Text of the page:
Why is it so hard to take your own advice?
This week, the Cut is talking advice — the good, the bad, the weird, and the pieces of it you really wish you would have taken.
If there is one piece of advice I give regularly to my friends, it is this: "Just talk to him!" Or her, or them, or whomever. I'm constantly advising my friends that their problems would be more quickly and efficiently solved were they to just say something to the person currently stressing them out.
And, probably, this works. I wouldn't know, as it's something I rarely do myself. It's one thing to give advice to someone else, dispensing thoughtful words of wisdom over Gchat. But try applying those same suggestions to your own life and it often falls apart. You definitely should just confront your friend about how much it annoys and hurts you that she has a habit of canceling plans at the last minute; I, on the other hand, have known my own flaky friend for far too long to bring it up at this point. It's complicated. Don't worry about it.
Really, it's a simple matter of perspective. It's hard to be your own adviser because you're too close to your own problems, and so your emotions are more likely to cloud your judgement. It's much easier to identify the most rational option, on the other hand, when you've got an outsider's vantage point. "When we are in a particular situation, we take lots of irrelevant factors into account," said Dan Ariely, the behavioral economist, best-selling author, and sometime advice columnist for TheWall Street Journal. (A collection of those advice columns, titled Irrationally Yours, was published last month.) "But when we're external to it, we sometimes look at things more objectively."
Ariely tells me about an experiment he once did that neatly proves his point. "Think about something like getting a second opinion from doctors," Ariely said. Imagine, Ariely asked his study participants, that your regular doctor has given you some serious diagnosis. Would you ask for a referral so you can get a second opinion? Most people, he found, say no – they don't want to offend their doctor, even if the health stakes at hand are high. "But if we ask them if they would tell somebody else to go for a second opinion, they say, Of course, yes," Ariely continued, adding that the insight is applicable in a wide range of situations. "When you're in love, you can't imagine the situation will ever change. So you keep on thinking to yourself, I will always feel this way," he said. "But when somebody else sees you from the outside, they can say, This is right, or This is wrong, or Don't do it, because they're not infatuated. They can see things from a more objective way."
Take another piece of advice I'm often giving and rarely using: When my non-journalist friends have to write something for work, they often ask me the best way to beat writer's block. I tell them they don't have to start from the top – just jump in anywhere that feels comfortable, and start there; once they get going, the beginning will come to them. Good advice, right? I considered following it last week, but then didn't, choosing instead to mess with the top just a little bit longer. An hour later, I had exactly two paragraphs written.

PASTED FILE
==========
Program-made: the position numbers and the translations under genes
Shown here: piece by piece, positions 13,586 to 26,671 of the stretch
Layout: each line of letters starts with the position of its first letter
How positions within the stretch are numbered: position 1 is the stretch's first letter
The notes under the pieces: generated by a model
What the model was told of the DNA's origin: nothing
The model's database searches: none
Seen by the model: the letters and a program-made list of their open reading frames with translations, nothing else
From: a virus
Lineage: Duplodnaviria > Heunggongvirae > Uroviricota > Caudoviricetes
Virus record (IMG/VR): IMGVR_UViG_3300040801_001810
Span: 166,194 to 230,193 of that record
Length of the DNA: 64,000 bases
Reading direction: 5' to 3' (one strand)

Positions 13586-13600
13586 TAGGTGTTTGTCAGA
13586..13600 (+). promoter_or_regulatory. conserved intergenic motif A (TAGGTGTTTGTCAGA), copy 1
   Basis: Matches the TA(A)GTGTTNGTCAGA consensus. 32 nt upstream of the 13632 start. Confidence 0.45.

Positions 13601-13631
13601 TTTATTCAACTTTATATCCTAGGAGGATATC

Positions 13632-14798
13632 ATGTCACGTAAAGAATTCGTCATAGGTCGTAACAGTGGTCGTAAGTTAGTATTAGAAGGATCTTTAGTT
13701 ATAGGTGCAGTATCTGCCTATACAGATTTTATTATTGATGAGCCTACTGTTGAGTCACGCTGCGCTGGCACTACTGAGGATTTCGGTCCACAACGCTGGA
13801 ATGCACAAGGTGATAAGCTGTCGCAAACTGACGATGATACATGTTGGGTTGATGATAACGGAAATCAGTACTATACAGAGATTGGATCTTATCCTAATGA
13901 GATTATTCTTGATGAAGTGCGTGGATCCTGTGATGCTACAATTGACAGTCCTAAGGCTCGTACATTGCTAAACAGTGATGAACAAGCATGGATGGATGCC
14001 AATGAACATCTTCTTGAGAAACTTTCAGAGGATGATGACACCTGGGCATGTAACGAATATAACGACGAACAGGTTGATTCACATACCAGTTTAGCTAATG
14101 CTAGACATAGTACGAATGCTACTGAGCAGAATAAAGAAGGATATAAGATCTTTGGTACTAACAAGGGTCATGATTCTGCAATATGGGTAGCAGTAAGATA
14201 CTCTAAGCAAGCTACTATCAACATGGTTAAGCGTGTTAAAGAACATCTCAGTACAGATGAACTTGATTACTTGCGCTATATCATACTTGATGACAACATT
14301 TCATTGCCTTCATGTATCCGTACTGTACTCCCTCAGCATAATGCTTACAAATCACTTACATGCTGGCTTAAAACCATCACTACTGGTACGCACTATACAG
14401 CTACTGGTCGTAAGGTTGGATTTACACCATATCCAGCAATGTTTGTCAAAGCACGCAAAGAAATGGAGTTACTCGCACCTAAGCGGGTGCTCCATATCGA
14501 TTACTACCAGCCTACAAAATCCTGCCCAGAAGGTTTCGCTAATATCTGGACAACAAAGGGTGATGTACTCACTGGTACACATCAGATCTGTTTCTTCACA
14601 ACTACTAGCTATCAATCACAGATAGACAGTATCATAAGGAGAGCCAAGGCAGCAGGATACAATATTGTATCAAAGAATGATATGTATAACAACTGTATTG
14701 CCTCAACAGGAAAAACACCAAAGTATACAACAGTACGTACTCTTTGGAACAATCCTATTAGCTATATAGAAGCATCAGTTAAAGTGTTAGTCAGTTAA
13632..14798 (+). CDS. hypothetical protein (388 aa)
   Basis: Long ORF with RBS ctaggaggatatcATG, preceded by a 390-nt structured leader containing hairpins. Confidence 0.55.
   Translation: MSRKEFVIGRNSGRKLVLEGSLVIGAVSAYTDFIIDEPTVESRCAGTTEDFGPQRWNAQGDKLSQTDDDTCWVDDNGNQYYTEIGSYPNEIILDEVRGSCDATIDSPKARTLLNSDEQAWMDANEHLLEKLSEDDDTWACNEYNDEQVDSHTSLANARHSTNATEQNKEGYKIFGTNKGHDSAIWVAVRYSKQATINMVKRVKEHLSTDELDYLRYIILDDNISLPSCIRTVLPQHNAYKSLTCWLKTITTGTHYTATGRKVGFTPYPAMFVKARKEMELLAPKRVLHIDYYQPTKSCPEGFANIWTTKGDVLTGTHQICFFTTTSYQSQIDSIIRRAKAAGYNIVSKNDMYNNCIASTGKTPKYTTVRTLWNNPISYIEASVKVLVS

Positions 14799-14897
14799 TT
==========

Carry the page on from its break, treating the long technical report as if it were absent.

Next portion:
"When we think about other people, and what might be right for them, it's a lot easier to see them as the big picture," explained Hal Hershfield, a psychologist at UCLA. "It's much harder to apply that big-picture perspective to ourselves." It's a consequence of something psychologists call the fundamental attribution error, the idea that people explain their own actions by the circumstances, but judge others' behavior as clear signals of their glaring character flaws. "So if I trip on the sidewalk, it must've been uneven," Hershfield said. "But if you trip, you're clumsy." You need to follow this writing advice because you're a beginner; I, Professional Writer, am above it, and that lead wasn't coming to me because ... because I just needed caffeine, or something.
In a roundabout way, Hershfield is in the advice business. Part of his work focuses on ways to nudge Americans into saving more for retirement, and when I interviewed him several months back about his work, I asked him if he was drawn to this line of research because he was particularly skilled at considering his future when making decisions. He laughed a little, and said it was the opposite: He was initially attracted to the subject because this is something he's pretty bad at.
Social psychologists sometimes jokingly call this "me-search," meaning an introspective approach to psychological research, and it's as old as the discipline itself. Famed 19th-century psychologist William James, for instance, spent much of his career harping on the subject of habits: The key to a happy, productive life, he often argued, was to automate as much of it as possible. "There is no more miserable human being than one in whom nothing is habitual but indecision, and for whom the lighting of every cigar, the drinking of every cup, the time of rising and going to bed every day, and the beginning of every bit of work, are subjects of express volitional deliberation," James wrote in his book Psychology: A Briefer Course. But, as Mason Currey points out in his (delightful) 2013 book Daily Rituals: How Artists Work, James might as well have been describing himself — all his life, the psychologist struggled to stick to a regular schedule, according to his biographer.
Next time you advise someone on some matter, in other words, pay closer attention to your own words. There's a good chance you're saying something you need to hear, too.
Speaking of advice, click through for a couple who's marriage advice we should really pay attention to after being married for 70 years:
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